James O'Keefe


A few days after the Las Vegas mass shooting, an associate approached me with an idea for an investigative piece of journalism. He said a relative of his didn’t qualify to own a firearm in Arizona because she had a mental health issue. He suggested we could go undercover and follow her as she sought to purchase a firearm from a local gun shop. If she was able to buy a gun, we could expose the shop for not doing the required background checks.

I thanked him for the suggestion but said sting operations aren’t journalism. It is unethical to create the news you intend to cover. Our job is to observe and report, not conspire and create.

That’s why the recent attempt by Project Veritas, an ultraconservative crowd-funded group, to expose the Washington Post is so disturbing. The group uses disguises and hidden cameras to try and get journalists, government workers and charity volunteers to say or do something that supposedly exposes their liberal bias.

Of course, their plan backfired this time, and they were exposed.

Monday the Post reported how a woman affiliated with the group tried to convince Post reporters that she had been impregnated by Alabama Senate candidate Roy Moore when she was 15 and had an abortion — all of which was false.

The newspaper outlined how it began to doubt Jaime Phillips’ story before anything was printed. She told a Post reporter that she had spent only a summer in Alabama decades ago, but her mobile phone had an Alabama area code. The company where she claimed to work had no record of her. Finally, a researcher located a crowd-funding webpage under the woman’s name seeking money to move to New York for a job in the conservative media movement.

Journalism professors and industry experts have praised the Post for the way it handled the attempted sting operation.

“This is how good journalists do their jobs and how they don’t get taken in by hoaxes,” said Jane Kirtley, an expert in media law in Minnesota. “It’s such an important lesson.”

“It was such an amazing piece of journalism,” said Dan Kennedy, a professor at Northeastern University. “One can only imagine the world of hurt we’d all be in in journalism if the Post had been taken in” by the ruse, he said.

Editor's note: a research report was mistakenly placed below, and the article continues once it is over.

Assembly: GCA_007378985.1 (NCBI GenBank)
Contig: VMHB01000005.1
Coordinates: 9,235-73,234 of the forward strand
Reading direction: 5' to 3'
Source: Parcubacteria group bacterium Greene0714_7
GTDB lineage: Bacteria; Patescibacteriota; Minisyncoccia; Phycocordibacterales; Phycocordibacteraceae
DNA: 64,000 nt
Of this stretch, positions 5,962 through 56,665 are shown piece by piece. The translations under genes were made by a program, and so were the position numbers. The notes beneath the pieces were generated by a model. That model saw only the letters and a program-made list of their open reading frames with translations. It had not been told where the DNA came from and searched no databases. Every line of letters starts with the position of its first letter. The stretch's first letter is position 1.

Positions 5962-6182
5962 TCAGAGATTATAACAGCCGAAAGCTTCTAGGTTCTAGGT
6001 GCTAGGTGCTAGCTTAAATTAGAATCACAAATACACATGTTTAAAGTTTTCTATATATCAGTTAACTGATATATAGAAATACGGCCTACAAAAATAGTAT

Even established conservative media were disgusted by the group’s tactics.

Brent Bozell, founder of the conservative Media Research Center, told The Associated Press that Project Veritas and its controversial leader, James O’Keefe, did “nothing but hurt the cause of conservative journalism.”

Bozell called it a “shameful” act of deceit, an effort at entrapment through misleading means.

“If this was a liberal, we’d all be screaming from the highest rooftops,” Bozell said. “Let’s be honest.”

There can be liberal or conservative bias in journalism based on story selection or emphasis. But there are some basic rules good journalists on both sides of the political spectrum follow — don’t fabricate or intentionally manufacture news.

In the early 1900s reporters took an advocacy role with undercover stories exposing the working conditions in manufacturing and coal mining. They became known as “muckrakers.” The stories that appeared in magazines and newspapers at the time led to legislative reform in those industries, especially when it came to child labor. While many of the muckrakers went undercover, taking regular jobs in the industries to observe the conditions, they didn’t necessarily resort to sting operations.

A couple years ago, Utah Congressman Rob Bishop praised Project Veritas in a speech on the House floor, calling the work of the group true “investigative journalism.”

Later, when I met Bishop at a function, I told him entrapment isn’t journalism. I said he could praise the work of the group all he wants, just don’t call it journalism.


Andy Howell is assistant managing editor. You can reach him at ahowell@pinalcentral.com or 520-423-8614.